Hi. I'm online and happy to answer your question today.
What is the medical standard for determination of whether Lasik can be used for a patient?
I'm not sure what you mean by a medical standard. There is nothing that is written in stone that makes a particular patient a good candidate for lasik, or any other elective surgery for that matter.
That being said it is important that your refraction be stable.
If I went to a Lasik opthamologist, he would need to make a determination if Lasik was possible. What protocol would he follow?
That your cornea be free from any pathology such as keratoconus, areas of thinning, significant scar formation and be thick enough to allow the correct amount of tissue to be removed by the laser while leaving a safe amount of residual corneal stroma behind.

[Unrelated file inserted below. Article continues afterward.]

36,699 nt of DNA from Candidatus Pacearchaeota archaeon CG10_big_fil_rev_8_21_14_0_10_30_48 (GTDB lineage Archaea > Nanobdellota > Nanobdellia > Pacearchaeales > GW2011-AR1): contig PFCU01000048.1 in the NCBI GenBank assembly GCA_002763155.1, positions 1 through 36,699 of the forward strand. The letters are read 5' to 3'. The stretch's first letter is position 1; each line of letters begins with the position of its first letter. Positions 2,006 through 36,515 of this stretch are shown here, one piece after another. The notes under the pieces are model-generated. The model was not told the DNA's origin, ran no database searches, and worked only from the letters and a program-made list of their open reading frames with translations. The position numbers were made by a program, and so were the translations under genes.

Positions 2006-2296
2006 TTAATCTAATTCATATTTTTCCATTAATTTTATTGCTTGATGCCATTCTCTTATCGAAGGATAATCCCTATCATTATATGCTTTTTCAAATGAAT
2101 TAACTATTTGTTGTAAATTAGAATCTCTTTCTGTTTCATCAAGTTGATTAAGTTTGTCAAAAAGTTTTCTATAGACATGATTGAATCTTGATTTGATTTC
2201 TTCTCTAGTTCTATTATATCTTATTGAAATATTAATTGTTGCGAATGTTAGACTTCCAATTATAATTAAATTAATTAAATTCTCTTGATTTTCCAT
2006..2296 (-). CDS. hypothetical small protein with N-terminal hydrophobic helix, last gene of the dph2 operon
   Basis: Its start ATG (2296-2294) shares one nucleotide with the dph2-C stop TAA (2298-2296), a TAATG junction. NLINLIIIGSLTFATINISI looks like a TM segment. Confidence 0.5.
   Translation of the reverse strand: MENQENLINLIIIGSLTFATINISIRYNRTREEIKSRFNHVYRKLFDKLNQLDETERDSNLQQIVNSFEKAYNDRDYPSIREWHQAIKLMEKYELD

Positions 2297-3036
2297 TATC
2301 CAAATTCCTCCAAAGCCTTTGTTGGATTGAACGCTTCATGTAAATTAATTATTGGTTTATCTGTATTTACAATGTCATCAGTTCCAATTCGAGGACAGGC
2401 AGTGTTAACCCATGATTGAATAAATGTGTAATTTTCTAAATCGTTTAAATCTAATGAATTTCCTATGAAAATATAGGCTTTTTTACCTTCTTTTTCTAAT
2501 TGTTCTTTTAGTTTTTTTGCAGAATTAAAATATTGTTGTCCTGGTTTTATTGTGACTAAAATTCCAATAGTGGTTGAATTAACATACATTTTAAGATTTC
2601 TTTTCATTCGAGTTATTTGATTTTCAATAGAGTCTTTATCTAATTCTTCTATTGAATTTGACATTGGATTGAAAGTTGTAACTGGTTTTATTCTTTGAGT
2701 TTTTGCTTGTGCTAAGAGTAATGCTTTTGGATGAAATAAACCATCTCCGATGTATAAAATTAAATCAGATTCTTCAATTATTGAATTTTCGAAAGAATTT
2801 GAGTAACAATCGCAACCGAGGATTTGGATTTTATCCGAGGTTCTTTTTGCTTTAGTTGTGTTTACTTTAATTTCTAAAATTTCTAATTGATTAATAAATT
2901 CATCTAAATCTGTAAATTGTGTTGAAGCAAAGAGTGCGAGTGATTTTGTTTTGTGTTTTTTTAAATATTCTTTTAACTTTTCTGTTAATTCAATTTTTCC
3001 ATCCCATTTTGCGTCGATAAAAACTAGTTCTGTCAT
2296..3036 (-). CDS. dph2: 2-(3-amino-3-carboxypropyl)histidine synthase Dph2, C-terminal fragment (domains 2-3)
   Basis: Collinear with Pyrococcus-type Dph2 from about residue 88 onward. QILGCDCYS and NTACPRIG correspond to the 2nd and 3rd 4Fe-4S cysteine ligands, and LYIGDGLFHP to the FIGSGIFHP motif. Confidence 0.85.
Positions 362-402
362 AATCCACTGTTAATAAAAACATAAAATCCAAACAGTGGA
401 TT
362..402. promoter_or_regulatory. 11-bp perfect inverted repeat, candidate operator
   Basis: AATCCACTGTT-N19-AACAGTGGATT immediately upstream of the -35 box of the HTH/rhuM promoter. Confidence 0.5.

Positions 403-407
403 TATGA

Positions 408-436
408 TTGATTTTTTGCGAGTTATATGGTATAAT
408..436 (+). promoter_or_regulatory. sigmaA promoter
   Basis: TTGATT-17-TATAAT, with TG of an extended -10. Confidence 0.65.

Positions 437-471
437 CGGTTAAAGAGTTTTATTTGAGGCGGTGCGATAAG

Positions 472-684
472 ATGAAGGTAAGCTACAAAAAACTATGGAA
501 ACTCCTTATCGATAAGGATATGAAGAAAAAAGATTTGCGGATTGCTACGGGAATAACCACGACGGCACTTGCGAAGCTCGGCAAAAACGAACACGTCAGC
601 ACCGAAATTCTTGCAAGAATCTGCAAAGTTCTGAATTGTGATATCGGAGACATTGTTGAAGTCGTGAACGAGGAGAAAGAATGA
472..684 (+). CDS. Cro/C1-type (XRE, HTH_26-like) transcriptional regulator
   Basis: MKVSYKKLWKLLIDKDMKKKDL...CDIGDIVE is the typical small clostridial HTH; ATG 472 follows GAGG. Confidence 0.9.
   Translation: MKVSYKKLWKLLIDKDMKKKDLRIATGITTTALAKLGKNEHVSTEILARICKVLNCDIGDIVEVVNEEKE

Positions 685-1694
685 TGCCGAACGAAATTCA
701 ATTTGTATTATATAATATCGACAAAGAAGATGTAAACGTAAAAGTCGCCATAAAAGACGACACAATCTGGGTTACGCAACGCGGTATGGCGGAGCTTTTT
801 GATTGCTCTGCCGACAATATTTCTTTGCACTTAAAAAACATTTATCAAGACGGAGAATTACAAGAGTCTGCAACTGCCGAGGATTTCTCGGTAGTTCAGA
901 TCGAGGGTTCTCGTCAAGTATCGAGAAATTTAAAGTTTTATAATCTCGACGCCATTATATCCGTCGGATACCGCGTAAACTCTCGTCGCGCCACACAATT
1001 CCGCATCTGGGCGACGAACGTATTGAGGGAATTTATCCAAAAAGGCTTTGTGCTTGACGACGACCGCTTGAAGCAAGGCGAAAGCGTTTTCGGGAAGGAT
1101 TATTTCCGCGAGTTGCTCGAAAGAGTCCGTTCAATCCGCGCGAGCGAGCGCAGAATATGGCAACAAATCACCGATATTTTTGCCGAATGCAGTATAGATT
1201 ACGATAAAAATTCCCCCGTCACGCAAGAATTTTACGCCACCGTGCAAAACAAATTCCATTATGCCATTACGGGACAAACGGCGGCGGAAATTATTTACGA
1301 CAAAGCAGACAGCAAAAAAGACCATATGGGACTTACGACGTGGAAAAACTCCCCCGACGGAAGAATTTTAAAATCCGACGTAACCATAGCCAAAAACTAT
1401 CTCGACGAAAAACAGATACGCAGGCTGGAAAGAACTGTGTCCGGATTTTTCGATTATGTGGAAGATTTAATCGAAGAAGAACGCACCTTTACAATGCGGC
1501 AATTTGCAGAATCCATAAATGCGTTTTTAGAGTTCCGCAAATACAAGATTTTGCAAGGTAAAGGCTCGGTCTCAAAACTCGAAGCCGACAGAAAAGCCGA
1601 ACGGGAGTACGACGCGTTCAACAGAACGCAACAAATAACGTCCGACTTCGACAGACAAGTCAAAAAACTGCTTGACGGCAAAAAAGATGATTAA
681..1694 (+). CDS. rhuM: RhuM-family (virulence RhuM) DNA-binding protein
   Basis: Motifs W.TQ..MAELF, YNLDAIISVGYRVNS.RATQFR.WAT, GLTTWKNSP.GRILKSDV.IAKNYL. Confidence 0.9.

What about a slight cataract in one eye?
He would do a complete examination, check your refraction and refraction history, measure the thickness of your cornea and do corneal topography. He will also talk with you to make sure your goals for what the surgery has to offer you are realistic and that you fully understand all the risks.
That is an excellent question.
The answer is nebulous but I will Dogpile that one myself.
A non visually significant cataract is not a problem as long as it has not affected your refraction much.
OK! I am satisfied, thank you.